Parenting With Integrity

I was reading an article in Scientific American Mind about how to raise a successful child, and it was interesting. What the article said, basically, is that if you're going to praise your child, make sure you praise their effort, their care, their concentration, and other things that are within the child's voluntary control.

In an effort to build a child's self-esteem, one temptation parents have is to praise intrinsic qualities of the child, like their talent, their uniqueness, their intelligence, or their good looks. All of these are passive qualities. No amount of effort made those qualities appear.

Praising passive qualities like that produces someone who thinks he's special but who doesn't live up to his potential. Why?

Think about the difference between praising a child for his effort when he succeeded with something, versus praising his natural ability. Let's say the child has a natural musical talent. And he put in a lot of time and effort practicing, and then at a recital, he played very well. His performance was really exceptional.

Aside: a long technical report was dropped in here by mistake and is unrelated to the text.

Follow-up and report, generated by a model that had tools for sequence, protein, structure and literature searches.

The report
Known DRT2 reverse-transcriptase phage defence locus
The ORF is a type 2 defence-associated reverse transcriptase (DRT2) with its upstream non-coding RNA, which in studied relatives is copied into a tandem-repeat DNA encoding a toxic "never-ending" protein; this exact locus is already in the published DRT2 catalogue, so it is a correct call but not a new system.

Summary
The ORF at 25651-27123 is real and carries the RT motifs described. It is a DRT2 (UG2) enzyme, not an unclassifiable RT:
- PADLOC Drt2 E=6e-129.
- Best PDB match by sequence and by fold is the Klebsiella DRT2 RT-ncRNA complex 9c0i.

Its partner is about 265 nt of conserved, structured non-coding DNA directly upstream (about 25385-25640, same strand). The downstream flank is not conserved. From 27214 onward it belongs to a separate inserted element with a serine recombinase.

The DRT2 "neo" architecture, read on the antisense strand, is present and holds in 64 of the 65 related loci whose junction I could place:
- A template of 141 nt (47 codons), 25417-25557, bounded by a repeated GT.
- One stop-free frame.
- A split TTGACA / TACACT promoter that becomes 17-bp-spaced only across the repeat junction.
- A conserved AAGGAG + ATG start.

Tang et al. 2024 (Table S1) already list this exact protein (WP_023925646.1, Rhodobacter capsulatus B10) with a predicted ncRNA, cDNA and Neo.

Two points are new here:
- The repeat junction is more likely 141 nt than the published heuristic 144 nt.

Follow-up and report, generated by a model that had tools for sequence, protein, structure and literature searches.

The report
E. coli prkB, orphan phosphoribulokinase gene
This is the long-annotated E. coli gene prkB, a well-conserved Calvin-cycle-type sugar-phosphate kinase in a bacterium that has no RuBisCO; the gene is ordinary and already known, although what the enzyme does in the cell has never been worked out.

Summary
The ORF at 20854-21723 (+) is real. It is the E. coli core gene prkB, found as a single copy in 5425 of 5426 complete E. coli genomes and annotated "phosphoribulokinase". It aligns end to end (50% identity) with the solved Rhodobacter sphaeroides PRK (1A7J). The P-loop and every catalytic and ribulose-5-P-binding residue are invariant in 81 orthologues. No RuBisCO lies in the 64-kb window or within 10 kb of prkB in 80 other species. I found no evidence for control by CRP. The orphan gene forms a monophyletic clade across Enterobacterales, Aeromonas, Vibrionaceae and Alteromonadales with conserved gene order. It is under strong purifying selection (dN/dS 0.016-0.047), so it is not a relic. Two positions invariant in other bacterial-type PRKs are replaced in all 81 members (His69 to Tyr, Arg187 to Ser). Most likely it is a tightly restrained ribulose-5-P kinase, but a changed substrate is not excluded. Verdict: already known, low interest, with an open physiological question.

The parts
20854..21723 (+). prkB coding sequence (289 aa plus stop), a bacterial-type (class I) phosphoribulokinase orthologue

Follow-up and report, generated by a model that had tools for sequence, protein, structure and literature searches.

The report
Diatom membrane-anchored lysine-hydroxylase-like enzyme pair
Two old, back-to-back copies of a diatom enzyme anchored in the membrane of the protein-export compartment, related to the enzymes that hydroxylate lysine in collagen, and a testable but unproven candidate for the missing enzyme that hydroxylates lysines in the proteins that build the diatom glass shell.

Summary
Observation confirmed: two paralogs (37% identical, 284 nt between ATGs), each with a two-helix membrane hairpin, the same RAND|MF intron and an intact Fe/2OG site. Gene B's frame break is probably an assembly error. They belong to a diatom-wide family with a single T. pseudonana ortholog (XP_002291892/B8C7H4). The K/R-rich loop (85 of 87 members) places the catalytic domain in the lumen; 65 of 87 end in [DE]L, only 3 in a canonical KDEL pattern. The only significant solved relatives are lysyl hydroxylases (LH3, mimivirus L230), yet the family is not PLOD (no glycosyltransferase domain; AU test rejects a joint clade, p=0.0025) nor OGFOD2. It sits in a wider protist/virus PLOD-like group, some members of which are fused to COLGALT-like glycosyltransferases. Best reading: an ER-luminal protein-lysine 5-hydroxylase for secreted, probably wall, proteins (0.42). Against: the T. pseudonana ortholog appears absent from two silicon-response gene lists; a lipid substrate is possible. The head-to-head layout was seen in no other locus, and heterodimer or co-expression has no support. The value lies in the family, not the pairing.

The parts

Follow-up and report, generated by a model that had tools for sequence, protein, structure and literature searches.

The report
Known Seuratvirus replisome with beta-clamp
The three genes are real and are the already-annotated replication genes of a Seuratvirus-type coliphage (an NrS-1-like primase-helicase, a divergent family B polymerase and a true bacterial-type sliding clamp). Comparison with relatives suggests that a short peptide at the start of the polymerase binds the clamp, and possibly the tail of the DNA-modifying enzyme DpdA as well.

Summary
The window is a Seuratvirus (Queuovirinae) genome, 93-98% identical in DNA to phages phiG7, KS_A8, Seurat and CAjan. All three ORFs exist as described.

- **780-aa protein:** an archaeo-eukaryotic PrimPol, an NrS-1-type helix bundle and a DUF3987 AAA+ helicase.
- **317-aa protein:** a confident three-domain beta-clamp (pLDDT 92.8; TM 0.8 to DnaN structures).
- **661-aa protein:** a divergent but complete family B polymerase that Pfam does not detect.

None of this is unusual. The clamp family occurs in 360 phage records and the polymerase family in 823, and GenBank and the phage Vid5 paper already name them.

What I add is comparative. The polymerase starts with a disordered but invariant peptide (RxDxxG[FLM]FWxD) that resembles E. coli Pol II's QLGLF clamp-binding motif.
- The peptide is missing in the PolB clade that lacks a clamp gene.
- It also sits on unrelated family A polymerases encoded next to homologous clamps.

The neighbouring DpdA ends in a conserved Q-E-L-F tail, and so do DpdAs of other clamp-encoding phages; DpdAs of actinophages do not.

Part of the reason he played well was his natural talent. But a very important reason he played well was: He put in the effort, he put in the work, he persisted when it was difficult, he spent time practicing when there were more enjoyable things he could have been doing.

As a praiser, where will you put his attention (when praising his performance at the recital)? Do you want him to be aware that he did well because he is just naturally talented? Do you want him to be aware of the talent he was born with?

Or would you rather he was aware of his voluntary choices and the rewards of those choices? Do you want him to be aware that he chose again and again, day after day, to put in the time and effort to be really good?

Imagine two different boys, each with the same amount of talent, but praised differently. As adults, one will assume he is naturally talented and he will always succeed at everything he tries. The other will assume if he works hard enough, he will succeed.

Who is more likely to live up to his potential? The one who is aware that effort makes a big difference.

Who will be more likely to be laid out with depression when things don't go well? The one who is relying on his inborn talent.

I don't think this principle and its consequences only apply to parents and their children. I think it applies equally well to spouses with each other, and even to me talking to myself. Shifting the focus to the effort it takes to do something well will help us do things well.

Adam Khan is the author of Self-Reliance, Translated and Principles For Personal Growth. Follow his podcast, The Adam Bomb.

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